Staff Profile: Richard White

Richard White is a quantitative freshwater ecologist based in Christchurch.

Dr Richard White

What is your area of specialty/role at NIWA? 

I am a Quantitative Freshwater Ecologist in the Freshwater Modelling Group in Christchurch. I specialise in statistical and process-based modelling of populations and communities of freshwater species. At NIWA I have primarily been working on building species distribution models to estimate temporal trends in occupancy and distribution of New Zealand freshwater fish. This work will help identify conservation threats to these species. I joined NIWA after working at the Department of Conservation as a technical advisor, implementing a long-term national freshwater monitoring programme which aimed to assess whether there were trends or changes in biodiversity. Before that I worked on several Biological Heritage Science Challenges at Canterbury University after finishing my PhD. 

Why did you want to work in freshwater ecology?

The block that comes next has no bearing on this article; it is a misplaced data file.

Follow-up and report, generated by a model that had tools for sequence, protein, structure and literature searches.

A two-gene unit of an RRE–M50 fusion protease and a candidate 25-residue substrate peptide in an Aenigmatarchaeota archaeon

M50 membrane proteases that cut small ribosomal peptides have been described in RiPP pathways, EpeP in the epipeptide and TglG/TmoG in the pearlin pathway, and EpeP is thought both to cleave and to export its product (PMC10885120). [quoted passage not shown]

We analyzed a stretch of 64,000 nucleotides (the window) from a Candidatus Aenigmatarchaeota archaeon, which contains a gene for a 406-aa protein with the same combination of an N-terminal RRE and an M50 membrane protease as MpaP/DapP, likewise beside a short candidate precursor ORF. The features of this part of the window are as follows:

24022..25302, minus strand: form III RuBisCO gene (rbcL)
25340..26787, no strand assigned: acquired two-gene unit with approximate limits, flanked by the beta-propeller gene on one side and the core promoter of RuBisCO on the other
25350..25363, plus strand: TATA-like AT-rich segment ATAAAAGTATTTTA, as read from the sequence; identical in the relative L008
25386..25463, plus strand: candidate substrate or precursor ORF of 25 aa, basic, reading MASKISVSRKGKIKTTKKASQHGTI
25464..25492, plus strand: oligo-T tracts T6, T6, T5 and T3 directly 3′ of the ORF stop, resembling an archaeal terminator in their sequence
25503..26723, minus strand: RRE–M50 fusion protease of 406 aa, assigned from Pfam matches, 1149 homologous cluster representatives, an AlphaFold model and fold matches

Working at NIWA gave me a chance to continue research in freshwater science but with a strong focus on statistics and large data sets. I like to make decisions based on data and information, not just at work but also in life in general. I appreciate the objectivity that this process brings to bear on decisions about freshwater management. 

What’s the most rewarding thing you’ve done in your career so far? 

I really enjoyed the process of discovery during my PhD, investigating the effects of extreme drought on brown mudfish population dynamics. Especially the ability to track the life histories of each fish sampled from birth to death and then incorporating these observations into models of the effect of climate change on population dynamics. My PhD study involved a few months at Melbourne University working with a research group developing meta-population models, taking data sets I had collected for five years and converting them into special models to show population changes. It was very rewarding to learn how to apply these data to a model. Most of my PhD study time was spent in Canterbury. There are five species of mudfish, and the Canterbury mudfish species have a conservation status of Threatened (Nationally Critical) under the NZ Threat Classification System. 

What do you like to do outside of your work at NIWA? 

Outside of work I enjoy playing my banjo in Irish traditional sessions at various pubs, the occasional barn dance and jam sessions with other musicians. I am a self-taught banjo player, after learning the concertina and the mandolin. The banjo is my favourite instrument to play though, it has a distinctive sound that can punch through the sound of other instruments in a band. I also enjoy tramping outside of work.